In S. v. McKeithan, 203 N.C. 494, 166 S.E. 336, the defendant was tried and convicted under a two-count indictment, reading in part as follows: First count: "... the defendant did on 5 March, 1932, feloniously aid, counsel and procure one Curtis Smith feloniously to burn a dwelling-house, the property of said defendant and one Campbell as tenants in common, contrary to the provisions of C.S. 4175 (now G.S. 14-5).Summary of this case from State v. Banks
(Filed 9 November, 1932.)
1. Criminal Law G r — Testimony of accomplice's narration of crime held competent as corroborative of his testimony on trial.
Where in a prosecution under C. S., 4175, 4245, an accomplice testifies that the defendant procured him to burn a certain house, it is competent for other witnesses to testify as to the narration by the accomplice of the commission of the crime as corroborative evidence of the accomplice's testimony on the trial.
2. Criminal Law I g — Court need not again state that certain evidence was admitted for restricted purpose in absence of request.
Where the court admits certain testimony as corroborative evidence and so instructs the jury at the time of its admission, the failure of the court to again instruct the jury in his charge as to the nature of such evidence is not ground for exception in the absence of a request for such instructions, nor will the court's failure to state to the jury at the time of the admission of such evidence that it was admitted for a restricted purpose constitute ground for exception unless the appellant asks at the time of its admission that the court so state.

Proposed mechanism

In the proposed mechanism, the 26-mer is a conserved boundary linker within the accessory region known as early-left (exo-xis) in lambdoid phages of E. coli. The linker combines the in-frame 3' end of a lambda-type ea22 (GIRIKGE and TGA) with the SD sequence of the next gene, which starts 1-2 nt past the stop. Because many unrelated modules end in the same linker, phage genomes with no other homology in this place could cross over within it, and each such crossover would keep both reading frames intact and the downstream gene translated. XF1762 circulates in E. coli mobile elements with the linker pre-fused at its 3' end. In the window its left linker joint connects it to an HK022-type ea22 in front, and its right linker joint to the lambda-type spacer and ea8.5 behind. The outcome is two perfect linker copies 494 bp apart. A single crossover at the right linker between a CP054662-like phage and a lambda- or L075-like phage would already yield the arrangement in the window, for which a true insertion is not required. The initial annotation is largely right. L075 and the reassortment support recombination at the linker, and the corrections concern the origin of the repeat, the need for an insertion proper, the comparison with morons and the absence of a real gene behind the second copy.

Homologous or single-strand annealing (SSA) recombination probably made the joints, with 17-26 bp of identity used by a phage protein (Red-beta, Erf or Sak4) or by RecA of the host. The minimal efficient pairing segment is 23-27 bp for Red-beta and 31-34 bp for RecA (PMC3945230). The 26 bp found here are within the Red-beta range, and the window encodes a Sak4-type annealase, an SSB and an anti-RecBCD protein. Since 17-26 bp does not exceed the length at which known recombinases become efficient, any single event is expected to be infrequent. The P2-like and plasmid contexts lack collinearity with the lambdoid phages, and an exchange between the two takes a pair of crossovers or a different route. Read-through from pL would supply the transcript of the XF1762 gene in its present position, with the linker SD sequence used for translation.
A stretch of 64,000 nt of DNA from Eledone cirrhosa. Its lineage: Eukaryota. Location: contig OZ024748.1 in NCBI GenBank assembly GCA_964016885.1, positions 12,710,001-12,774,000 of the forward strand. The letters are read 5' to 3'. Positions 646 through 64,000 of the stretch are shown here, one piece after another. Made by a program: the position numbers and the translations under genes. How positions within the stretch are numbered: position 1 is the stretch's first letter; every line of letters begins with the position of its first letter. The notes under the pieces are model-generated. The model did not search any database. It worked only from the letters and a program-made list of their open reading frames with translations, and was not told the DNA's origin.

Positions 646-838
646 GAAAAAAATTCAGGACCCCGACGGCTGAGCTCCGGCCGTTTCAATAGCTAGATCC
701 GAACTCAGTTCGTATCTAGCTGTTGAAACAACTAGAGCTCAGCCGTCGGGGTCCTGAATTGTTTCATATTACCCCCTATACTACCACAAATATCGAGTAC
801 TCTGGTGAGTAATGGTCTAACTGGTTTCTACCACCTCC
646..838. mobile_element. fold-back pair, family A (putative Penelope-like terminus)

3. Arson C a — Indictment in this case held to sufficiently identify property alleged to have been burned.
In a prosecution for arson under C. S., 4175, 4245, an indictment stating that the defendant procured another to burn a certain house owned by the defendant and another as tenants in common is held sufficient, and the fact that the same parties owned other houses in like capacity is not ground for demurrer or quashal, the indictment containing sufficient matter to enable the court to proceed to judgment, and a conviction on the charge being sufficient to sustain a plea of former jeopardy in case of a second prosecution. C. S., 4623.
4. Criminal Law G j — Charge in respect to testimony of accomplice held correct, and refusal of exact instructions requested was not error.
Where the court modifies the defendant's prayers for instructions relative to testimony of an accomplice, but the instruction as given charges that such testimony should be accepted with care and caution in connection with the witness's admission of guilt of the crime: Held, the charge contained all that the defendant was entitled to as a matter of law, and the refusal to give the instructions as requested will not be held for error.
APPEAL by defendant from Barnhill, J., at April Term, 1932, of HOKE.
Attorney-General Brummitt and Assistant Attorney-General Seawell for the State.
Varser, Lawrence, McIntyre Henry and H. W. B. Whitley for defendant.